Instituto Cervantes, in collaboration with the National Hispanic Cultural Center, begins another series of contemporary Spanish films this Thursday, Oct. 24, and continuing through December 5. Every other Thursday, the NHCC’s Bank of America Theater will screen a modern, Spanish-language film from a variety of genres. All films will be subtitled in English and will start at 7pm. This Thursday, the film will be the 2011 drama Arriya (The Stone). Set in a small Basque border town, this film chronicles two families whose long-standing bet (over whose mule can lug a heavier rock) threatens to destroy a young love affair. Admission is free, but seating is limited. Tickets will be issued one hour prior to start time. For a complete schedule of films, go to nationalhispaniccenter.org.
App on tap
Its creators describe it as a mix of “I Dream of Jeannie” and “Sex and the City.” “The Man-App” is a romantic comedy/fantasy written, directed and produced by local auteur Holly Adams. The bawdy web series tells the story of a jaded bombshell who creates the Man-App, a smart phone application that instantly delivers the man of your dreams at the touch of a button. It stars local actors Jessica Osbourne, Ron Weisberg and Elizabeth Dwyer-Sandlin. Dean Eldon Squibb and Bradd Howard of Albuquerque drag troupe The Dolls make a special appearance. Producers will be screening a special 40-minute compilation of the series on Friday, Oct. 25, at Aux Dog Theatre starting at 7:30pm. Tickets are $7. A portion of the proceeds will go toward shooting the complete, feature-length version of “The Man-App.” Go to theman-app.com for more info.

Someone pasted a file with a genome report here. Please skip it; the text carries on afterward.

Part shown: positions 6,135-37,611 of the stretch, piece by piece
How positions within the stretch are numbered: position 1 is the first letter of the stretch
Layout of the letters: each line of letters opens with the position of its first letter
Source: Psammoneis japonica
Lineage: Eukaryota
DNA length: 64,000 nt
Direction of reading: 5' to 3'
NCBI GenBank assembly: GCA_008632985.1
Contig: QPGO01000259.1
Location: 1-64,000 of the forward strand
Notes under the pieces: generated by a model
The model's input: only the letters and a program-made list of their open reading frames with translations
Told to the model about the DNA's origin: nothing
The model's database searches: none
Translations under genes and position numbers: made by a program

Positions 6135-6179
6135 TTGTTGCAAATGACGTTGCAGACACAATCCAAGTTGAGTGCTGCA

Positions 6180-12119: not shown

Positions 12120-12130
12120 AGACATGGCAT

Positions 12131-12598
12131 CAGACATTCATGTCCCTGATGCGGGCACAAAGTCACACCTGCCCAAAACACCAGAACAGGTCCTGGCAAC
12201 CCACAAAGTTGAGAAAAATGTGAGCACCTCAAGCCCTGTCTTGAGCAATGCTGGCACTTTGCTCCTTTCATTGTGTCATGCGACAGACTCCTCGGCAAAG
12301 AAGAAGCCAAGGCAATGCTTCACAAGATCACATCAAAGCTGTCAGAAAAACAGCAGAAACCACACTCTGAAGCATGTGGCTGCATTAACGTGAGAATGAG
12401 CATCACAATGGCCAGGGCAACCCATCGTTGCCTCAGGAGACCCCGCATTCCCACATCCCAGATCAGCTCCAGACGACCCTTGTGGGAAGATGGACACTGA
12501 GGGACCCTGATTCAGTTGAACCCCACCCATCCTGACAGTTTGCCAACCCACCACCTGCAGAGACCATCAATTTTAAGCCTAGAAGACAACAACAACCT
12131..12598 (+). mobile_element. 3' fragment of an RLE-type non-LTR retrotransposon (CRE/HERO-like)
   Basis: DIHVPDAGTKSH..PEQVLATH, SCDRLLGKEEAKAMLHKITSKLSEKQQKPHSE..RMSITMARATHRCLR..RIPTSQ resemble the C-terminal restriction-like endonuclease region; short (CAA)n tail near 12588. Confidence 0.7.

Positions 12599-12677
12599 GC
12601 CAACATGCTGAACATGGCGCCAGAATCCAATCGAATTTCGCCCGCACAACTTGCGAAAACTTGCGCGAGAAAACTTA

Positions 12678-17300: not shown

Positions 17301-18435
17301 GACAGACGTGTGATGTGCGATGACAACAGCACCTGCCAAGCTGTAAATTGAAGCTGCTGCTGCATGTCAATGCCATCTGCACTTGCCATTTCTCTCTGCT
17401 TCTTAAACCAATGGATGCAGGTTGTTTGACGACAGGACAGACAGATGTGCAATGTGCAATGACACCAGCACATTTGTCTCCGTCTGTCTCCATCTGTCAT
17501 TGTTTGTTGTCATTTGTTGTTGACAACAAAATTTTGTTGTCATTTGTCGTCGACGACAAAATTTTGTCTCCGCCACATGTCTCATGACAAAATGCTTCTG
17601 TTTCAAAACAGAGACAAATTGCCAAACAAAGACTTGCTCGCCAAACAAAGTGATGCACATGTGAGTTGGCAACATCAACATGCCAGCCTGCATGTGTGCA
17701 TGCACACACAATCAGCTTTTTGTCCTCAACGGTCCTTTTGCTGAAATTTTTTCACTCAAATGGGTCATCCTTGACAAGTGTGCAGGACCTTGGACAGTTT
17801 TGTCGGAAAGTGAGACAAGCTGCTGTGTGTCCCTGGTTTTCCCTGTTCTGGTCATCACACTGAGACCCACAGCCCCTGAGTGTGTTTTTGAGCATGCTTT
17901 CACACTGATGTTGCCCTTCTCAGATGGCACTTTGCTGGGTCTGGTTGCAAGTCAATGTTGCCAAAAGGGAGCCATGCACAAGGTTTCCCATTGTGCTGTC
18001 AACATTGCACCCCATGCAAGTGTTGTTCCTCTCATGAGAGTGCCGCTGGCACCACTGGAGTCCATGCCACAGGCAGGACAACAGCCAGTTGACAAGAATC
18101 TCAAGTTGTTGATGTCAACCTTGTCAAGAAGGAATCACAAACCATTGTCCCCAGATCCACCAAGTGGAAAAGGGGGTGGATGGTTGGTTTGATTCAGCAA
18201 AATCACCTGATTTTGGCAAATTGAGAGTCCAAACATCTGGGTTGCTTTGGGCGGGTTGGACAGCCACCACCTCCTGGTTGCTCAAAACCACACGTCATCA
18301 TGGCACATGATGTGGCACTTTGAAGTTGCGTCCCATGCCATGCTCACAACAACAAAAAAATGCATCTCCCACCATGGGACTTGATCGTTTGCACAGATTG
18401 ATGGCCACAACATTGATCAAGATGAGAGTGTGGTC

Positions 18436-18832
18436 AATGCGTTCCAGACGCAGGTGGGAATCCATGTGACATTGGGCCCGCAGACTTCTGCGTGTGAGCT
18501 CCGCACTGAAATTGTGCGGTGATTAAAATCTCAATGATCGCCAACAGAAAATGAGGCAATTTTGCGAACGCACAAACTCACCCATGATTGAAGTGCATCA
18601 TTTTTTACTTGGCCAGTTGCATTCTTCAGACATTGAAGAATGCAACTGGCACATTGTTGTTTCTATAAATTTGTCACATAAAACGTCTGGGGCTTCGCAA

Early Hitch picks up again at the KiMo Theatre with a collection of Alfred Hitchcock’s early spellbinding cinema. On Friday, Oct. 25, it’s 1948’s killer drama Rope starring James Stewart and Farley Granger. The tense, claustrophobic thriller concentrates on two intellectual young men who conspire to commit the “perfect” murder, strangling a classmate and hiding the body in their apartment. But that’s not the only offering in this lineup. November starts out with 1951’s Strangers on a Train (Nov. 1) and closes out with 1954’s Dial M for Murder (Nov. 22). That’s three shining examples of the fine art of murder for your viewing pleasure. All films in the series start at 8pm. Tickets are $7 general admission, $5 seniors. You can pick them up now at kimotickets.com.
Dead Billy at South Broadway Cultural Center
A free screening of Scott Milder's film about a woman whose world unravels when a series of seizures bring about forgotten memories.
Easter Parade (1948) at KiMo Theatre
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